Human-specific gene makes mice smarter
A gene, found only in humans, leads to a larger brain, increased memory flexibility and reduced anxiety in mice.
During human evolution, the neocortex, the evolutionarily youngest part of the cerebral cortex, expanded dramatically and made the human brain larger. Researchers at the Max Planck Institute of Molecular Cell Biology and Genetics (MPI-CBG) in Dresden had shown in previous studies that in the developing neocortex, the human-specific gene ARHGAP11B stimulates the production of more neural progenitor cells, and consequently of more neurons derived therefrom. Accordingly, expression of ARHGAP11B in non-human species was found to lead to an expanded neocortex in mouse embryos, ferret pups, and common marmoset fetuses. These previous results had suggested that ARHGAP11B plays a crucial role in the evolutionary expansion of the human neocortex. However, the key questions of whether such a brain size increase during development will persist into adulthood, and if so, whether a bigger adult brain, induced by ARHGAP11B, exhibits enhanced cognitive abilities, were still unanswered. Now, the researchers at the MPI-CBG, together with colleagues at the Czech Centre for Phenogenomics in Prague, show that adult mice expressing the human-specific gene ARHGAP11B indeed develop a bigger brain that persists into adulthood and show increased memory flexibility and reduced anxiety.
The human neocortex is about three times bigger than that of our closest living relative, the chimpanzee, and supports advanced cognitive skills such as reasoning and language. To understand what caused this expansion, the research team of Wieland Huttner at the MPI-CBG, who is one of the institute’s founding directors, has focused in previous studies on a gene called ARHGAP11B that is only found in humans and triggers an increased production of brain stem cells – a prerequisite for a larger brain. Two key questions, however, were still unanswered: Does the bigger neocortex of mouse embryos that results from the expression of this human-specific gene remain enlarged until adulthood, and are such mice with a bigger brain actually more intelligent?
Behavioral tests show increased memory flexibility
Lei Xing, a postdoctoral researcher in the Huttner group, demonstrated that the increase in neocortex size and cortical neuron number in the transgenic, ARHGAP11B-expressing mouse embryos, due to the increased production of brain stem cells, indeed persisted into adulthood. He then collaborated with researchers at the Czech Centre for Phenogenomics to investigate the behavior of adult ARHGAP11B-mice with their enlarged neocortex. Specifically, the researchers tested if those mice had better cognitive abilities. Lei Xing explains: “Together with our Czech colleagues, we conducted four separate behavioral tests targeting different types of learning and memory. In one test, we housed a group of mice in a specialized cage system where water bottles are at the corners. After a while, we limited water access for the mice to only one corner, and changed the position of the water bottle every day. So, the mice had to learn the pattern of how the location of the water bottle was changing. We found that the ARHGAP11B-mice with their larger brain made fewer mistakes in finding the water bottle than the wildtype mice with their normal-sized smaller brain.” That indicates a greater memory flexibility, which means that the ARHGAP11B-mice adapt better to a new challenging environment and are better at understanding the changing location of the water bottle. “In another test, we found reduced anxiety levels of the ARHGAP11B-mice. Wildtype mice are more anxious and aim to move as soon as possible from the brightly lit center of the test arena to its more protective periphery, whereas ARHGAP11B-mice are more relaxed and stay in the center for longer”, says Lei.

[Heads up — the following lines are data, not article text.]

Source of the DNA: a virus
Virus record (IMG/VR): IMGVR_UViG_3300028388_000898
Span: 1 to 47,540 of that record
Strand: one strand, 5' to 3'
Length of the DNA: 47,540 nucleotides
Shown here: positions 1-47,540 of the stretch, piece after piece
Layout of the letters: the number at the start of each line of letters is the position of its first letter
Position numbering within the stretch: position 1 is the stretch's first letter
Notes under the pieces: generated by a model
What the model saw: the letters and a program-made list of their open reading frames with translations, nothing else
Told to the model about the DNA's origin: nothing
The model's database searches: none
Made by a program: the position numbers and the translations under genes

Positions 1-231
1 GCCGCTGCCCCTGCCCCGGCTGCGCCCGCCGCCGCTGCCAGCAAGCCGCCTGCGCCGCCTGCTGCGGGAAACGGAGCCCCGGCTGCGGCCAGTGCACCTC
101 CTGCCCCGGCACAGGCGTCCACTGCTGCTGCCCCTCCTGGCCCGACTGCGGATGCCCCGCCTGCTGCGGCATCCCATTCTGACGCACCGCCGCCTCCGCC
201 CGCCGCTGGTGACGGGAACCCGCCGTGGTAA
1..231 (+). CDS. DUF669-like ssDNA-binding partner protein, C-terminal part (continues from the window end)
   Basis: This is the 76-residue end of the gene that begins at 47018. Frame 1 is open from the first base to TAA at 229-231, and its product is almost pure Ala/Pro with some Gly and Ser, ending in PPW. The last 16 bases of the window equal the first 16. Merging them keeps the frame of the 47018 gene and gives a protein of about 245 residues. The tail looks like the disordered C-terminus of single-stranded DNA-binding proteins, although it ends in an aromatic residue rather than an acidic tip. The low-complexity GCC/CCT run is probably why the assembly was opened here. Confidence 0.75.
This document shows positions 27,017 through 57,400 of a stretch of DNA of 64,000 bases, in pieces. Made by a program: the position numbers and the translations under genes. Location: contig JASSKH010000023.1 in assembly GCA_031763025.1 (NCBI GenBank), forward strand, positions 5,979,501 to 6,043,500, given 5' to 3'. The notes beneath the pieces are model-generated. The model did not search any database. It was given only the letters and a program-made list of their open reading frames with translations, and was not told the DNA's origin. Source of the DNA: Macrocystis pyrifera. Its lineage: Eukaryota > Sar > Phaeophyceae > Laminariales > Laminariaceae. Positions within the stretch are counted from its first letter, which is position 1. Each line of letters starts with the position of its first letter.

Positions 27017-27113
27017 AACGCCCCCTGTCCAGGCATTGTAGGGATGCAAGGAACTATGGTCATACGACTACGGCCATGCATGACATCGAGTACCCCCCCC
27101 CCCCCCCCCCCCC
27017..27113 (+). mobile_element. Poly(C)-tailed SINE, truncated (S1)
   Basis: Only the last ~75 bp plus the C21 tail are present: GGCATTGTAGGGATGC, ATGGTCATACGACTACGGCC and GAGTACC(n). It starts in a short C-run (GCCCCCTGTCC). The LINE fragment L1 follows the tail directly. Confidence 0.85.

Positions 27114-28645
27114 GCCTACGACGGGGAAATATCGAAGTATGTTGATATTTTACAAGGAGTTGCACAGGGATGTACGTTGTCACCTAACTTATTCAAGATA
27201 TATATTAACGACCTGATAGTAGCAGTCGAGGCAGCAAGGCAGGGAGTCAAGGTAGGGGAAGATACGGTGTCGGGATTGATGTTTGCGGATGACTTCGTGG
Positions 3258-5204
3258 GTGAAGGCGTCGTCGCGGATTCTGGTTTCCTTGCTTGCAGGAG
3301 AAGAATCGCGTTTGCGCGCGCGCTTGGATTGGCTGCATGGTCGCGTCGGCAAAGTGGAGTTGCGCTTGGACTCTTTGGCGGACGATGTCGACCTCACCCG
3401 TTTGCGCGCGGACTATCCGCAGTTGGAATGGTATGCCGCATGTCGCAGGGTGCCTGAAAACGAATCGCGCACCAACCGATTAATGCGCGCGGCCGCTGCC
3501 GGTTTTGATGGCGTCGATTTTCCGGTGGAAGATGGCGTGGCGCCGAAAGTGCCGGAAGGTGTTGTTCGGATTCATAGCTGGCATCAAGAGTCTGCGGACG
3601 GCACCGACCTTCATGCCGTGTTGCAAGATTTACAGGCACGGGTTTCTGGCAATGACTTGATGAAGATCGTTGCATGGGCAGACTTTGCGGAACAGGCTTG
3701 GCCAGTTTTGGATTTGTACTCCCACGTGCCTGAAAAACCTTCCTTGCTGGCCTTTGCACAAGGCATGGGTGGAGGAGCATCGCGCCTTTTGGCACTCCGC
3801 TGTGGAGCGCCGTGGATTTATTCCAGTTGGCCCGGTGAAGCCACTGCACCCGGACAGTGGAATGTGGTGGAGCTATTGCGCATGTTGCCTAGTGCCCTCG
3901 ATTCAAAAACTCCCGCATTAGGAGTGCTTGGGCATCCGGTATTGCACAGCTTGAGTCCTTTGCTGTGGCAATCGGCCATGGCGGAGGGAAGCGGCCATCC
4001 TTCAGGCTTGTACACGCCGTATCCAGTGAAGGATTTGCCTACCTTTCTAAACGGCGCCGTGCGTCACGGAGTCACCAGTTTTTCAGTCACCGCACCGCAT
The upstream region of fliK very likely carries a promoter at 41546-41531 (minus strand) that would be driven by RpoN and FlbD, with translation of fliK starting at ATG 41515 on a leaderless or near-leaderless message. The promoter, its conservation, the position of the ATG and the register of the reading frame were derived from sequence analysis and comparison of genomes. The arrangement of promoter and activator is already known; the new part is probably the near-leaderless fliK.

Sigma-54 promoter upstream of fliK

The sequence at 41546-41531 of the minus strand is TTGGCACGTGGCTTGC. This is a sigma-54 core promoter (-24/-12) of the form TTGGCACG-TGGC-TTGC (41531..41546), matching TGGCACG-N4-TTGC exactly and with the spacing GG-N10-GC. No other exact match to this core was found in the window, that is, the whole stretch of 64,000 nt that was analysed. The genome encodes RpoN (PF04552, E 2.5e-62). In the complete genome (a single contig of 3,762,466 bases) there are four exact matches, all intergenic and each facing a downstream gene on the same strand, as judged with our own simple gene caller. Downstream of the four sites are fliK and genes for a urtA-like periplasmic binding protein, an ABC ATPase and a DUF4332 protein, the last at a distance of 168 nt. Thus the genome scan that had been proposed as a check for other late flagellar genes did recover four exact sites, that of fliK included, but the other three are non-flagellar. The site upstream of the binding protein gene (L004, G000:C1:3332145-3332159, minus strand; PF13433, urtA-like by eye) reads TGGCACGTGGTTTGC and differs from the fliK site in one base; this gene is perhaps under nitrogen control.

“This enhanced memory flexibility most likely indicates improved cognitive abilities of the ARHGAP11B-mice with their larger brain”, summarizes Wieland Huttner. He continues: “Hence, our study strongly suggests that the neocortex expansion induced by ARHGAP11B indeed results in better cognitive performance, which has significant implications for the role of this human-specific gene during human evolution.”
About the MPI-CBG
The Max Planck Institute of Molecular Cell Biology and Genetics (MPI-CBG), located in Dresden, is one of more than 80 institutes of the Max Planck Society, an independent, non-profit organization in Germany. 550 curiosity-driven scientists from over 50 countries ask: How do cells form tissues? The basic research programs of the MPI-CBG span multiple scales of magnitude, from molecular assemblies to organelles, cells, tissues, organs, and organisms. The MPI-CBG invests extensively in Services and Facilities to allow research scientists shared access to sophisticated and expensive technologies.
About the Czech Centre for Phenogenomics
The Czech Centre for Phenogenomics / Institute of Molecular Genetics of the Czech Academy of Sciences is located in Vestec, Czech Republic. It is a large research infrastructure unique in combining genetic engineering capabilities, advanced phenotyping and imaging modalities, specific pathogen free (SPF) animal housing and husbandry, as well as cryopreservation and archiving, all in one central location – at the BIOCEV campus. This concentration of specialized infrastructure and expertise provides a unique and valuable resource for the biomedical and biotechnology research community.
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Lei Xing, Agnieszka Kubik-Zahorodna, Takashi Namba, Anneline Pinson, Marta Florio, Jan Prochazka, Mihail Sarov, Radislav Sedlacek, Wieland B Huttner: “Expression of human-specific ARHGAP11B in mice leads to neocortex expansion and increased memory flexibility”, EMBO J (2021) e107093, doi: 10.15252/embj.2020107093